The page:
Headbangers Ball: Foundations Forum, the world’s only “hard music” convention, is scheduled for Sept. 9-11 at the Burbank Hilton. Bands scheduled to appear include KISS, in its only live performance this year, as well as the Scorpions and Accept. Other up-and-coming acts include Souls at Zero, Schnitt Acht and My Sister’s Machine.
Sing Goodby: The Music Machine nightclub in West Los Angeles will close today after more than a decade of presenting local and international rock and pop acts. The final performance features two Southern California-based African groups, San Diego’s Bitoto and Los Angeles’ Makina Loca. The 500-seat club was also a center for African music, and a new nonprofit group, the African Music Society, has been formed to help fill the gap.
Local Scene: Steve Edwards and Cyndy Garvey will host a new local morning show on KCAL-TV Channel 9 called “Live in L.A.” beginning Aug. 16 at 10 a.m. The one-hour magazine program will examine the Los Angeles and Southern California lifestyle before a live studio audience. The show will include “around town” remotes, entertainment bits, audience interaction and “how to” segments. Edwards’ many local credits include co-hosting the similar longtime KABC morning program “A.M. Los Angeles” from 1984-91. Garvey was also an “A.M. Los Angeles” co-host (with Regis Philbin) from 1978-81.
New ‘Street’ Scene: Big changes are in store for Big Bird and the rest of the “Sesame Street” gang this fall--the biggest in the program’s history. In an attempt to make the children’s show “more responsive to today’s children,” new actors, new music and a whole new street of people and places are being added as the show enters its 25th season. Also new this season--eight new Muppets from Jim Henson’s shop, seven of them female. Among the new live characters is one played by comedian Ruth Buzzi.
The Show Goes On: The Christian Action Network will reopen the art exhibit “A Graphic Picture Is Worth a Thousand Votes” in the office of Rep. Phil Crane (R. Ill.), a member of the House Ways and Means Committee who planned the original show. The conservative policy group got shut down earlier this week when it tried to stage the same exhibit of “offensive” photos, funded by the National Endowment for the Arts, at the Capitol. “It’s pretty scary when taxpayer-funded art cannot be shown in the taxpayer-funded U.S. Capitol building,” said the group’s president, Martin Mawyer.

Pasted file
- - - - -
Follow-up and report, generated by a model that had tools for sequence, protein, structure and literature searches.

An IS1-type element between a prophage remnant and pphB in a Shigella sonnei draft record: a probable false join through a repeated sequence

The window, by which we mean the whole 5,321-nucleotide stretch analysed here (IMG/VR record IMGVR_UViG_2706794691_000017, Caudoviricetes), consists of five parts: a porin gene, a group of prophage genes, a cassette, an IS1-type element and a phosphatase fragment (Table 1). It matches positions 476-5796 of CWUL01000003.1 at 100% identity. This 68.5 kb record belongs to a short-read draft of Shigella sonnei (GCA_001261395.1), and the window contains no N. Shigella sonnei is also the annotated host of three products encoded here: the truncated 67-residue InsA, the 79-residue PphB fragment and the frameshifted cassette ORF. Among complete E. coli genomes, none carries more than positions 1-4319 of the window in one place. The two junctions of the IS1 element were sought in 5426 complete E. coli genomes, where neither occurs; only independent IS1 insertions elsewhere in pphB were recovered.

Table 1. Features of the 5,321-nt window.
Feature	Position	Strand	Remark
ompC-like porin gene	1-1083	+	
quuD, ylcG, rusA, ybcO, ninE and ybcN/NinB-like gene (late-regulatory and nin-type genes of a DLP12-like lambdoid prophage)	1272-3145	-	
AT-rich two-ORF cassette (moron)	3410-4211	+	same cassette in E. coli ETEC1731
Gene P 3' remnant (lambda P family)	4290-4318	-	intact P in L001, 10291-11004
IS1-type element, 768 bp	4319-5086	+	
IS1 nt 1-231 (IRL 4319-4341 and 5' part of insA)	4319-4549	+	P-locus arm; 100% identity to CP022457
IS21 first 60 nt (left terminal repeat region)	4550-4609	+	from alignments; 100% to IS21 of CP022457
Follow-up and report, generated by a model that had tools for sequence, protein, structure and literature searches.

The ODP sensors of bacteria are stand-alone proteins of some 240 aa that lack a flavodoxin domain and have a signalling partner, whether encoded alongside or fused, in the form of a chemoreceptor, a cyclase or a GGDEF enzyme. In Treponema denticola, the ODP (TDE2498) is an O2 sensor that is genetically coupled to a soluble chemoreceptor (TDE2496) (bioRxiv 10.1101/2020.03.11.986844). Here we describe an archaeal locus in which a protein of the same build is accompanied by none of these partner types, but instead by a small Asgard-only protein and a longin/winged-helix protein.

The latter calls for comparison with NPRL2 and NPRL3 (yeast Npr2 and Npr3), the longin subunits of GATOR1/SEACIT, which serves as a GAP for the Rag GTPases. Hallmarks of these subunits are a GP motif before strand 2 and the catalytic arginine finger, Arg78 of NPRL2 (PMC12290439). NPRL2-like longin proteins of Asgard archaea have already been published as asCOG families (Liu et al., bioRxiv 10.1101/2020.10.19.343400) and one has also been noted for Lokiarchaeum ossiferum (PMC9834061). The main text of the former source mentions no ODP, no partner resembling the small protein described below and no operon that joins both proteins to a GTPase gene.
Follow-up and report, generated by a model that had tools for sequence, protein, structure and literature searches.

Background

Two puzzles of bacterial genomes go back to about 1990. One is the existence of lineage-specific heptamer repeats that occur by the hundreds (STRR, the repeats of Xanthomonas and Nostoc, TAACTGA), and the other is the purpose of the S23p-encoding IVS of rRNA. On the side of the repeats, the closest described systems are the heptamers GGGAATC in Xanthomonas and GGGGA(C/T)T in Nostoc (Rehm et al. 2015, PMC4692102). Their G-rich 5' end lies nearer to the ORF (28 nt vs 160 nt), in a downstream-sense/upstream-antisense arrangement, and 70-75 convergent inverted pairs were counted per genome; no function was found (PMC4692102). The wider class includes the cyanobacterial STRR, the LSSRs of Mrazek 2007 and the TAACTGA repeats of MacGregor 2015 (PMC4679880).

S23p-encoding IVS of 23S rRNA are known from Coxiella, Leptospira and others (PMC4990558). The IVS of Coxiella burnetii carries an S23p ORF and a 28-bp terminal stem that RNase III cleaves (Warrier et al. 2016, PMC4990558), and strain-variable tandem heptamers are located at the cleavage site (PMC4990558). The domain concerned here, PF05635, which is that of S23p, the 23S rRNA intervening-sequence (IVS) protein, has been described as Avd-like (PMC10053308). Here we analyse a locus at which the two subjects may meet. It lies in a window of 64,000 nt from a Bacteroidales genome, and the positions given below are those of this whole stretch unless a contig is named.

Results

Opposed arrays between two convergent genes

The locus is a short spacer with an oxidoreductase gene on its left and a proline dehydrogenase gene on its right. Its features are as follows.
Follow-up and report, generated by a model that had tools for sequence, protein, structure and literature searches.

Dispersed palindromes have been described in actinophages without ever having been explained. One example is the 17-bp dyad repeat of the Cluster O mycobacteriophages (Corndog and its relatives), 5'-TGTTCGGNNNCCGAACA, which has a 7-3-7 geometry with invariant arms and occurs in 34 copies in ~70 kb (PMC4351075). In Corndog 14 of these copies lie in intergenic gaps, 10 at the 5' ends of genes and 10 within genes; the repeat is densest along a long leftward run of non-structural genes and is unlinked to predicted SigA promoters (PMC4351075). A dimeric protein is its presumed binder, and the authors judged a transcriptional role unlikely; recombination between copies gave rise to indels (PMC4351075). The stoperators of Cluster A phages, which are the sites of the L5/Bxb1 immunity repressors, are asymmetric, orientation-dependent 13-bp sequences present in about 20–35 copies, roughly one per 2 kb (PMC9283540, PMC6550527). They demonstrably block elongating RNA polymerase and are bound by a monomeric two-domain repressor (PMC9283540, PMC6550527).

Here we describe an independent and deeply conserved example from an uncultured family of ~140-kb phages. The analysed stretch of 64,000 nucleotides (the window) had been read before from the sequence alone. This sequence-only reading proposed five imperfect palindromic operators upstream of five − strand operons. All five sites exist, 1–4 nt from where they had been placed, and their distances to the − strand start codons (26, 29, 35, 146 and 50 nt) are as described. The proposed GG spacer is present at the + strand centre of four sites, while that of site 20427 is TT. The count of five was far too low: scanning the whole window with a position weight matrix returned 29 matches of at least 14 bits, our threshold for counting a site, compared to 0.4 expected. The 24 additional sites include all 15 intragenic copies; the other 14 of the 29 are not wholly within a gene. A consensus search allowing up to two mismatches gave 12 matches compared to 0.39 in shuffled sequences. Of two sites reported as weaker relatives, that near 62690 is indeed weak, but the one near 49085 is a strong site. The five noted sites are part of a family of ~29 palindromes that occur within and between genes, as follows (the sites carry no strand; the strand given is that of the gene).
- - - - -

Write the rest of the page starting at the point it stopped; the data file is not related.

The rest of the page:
Getting the Boot: Clint Eastwood, Jack Palance, Jane Fonda and Ted Turner are among the seven recipients of the 1993 Golden Boot Awards for Western-style films, which will be given out Aug. 21 in a benefit for the Motion Picture and Television Fund Foundation. Other honorees are stuntman Chuck Courtney, actor Buck Taylor and the late William (Hopalong Cassidy) Boyd. . . . Meanwhile, Jane and Ted aren’t drawing all rave reviews these days. Members of People for the Ethical Treatment of Animals plan to protest outside a buffalo meat promotion that the couple, who recently bought buffalo ranches, is holding Friday in Wisconsin.
Helping Hand: Dan Aykroyd bailed out a friend in Connecticut charged with growing about $400,000 worth of marijuana. “Anyone that knows Mr. Aykroyd knows that he would never turn his back on a friend,” said his publicist, Susan Patricola. Aykroyd provided the $100,000 bond to get John Murtha, 46, of Milford, out of the New Haven Correctional Center last week, authorities said. Police said Aykroyd also bailed Murtha out in 1991, when he and his girlfriend were charged with marijuana possession.
Davis Gaines, Los Angeles’ longest-running Phantom of the Opera, will make his local concert debut at the Universal Amphitheatre on Sept. 18. . . . Former Warner Bros. animator Friz Freleng will make a rare gallery appearance at a showing honoring his 90th birthday today at 6 p.m. at Animation Plus! on Melrose Avenue. . . . Michael Arabian’s back-lot production of “Romeo and Juliet,” which had just been extended at CBS Studio Center, will in fact close on Sunday because a soundstage where the production took place is needed for a filmed production. . . . KCET-TV Channel 28 scheduled a quick airing of “The Flood of ’93,” the timely PBS documentary about the floods in the Mississippi River valley, for tonight at 8.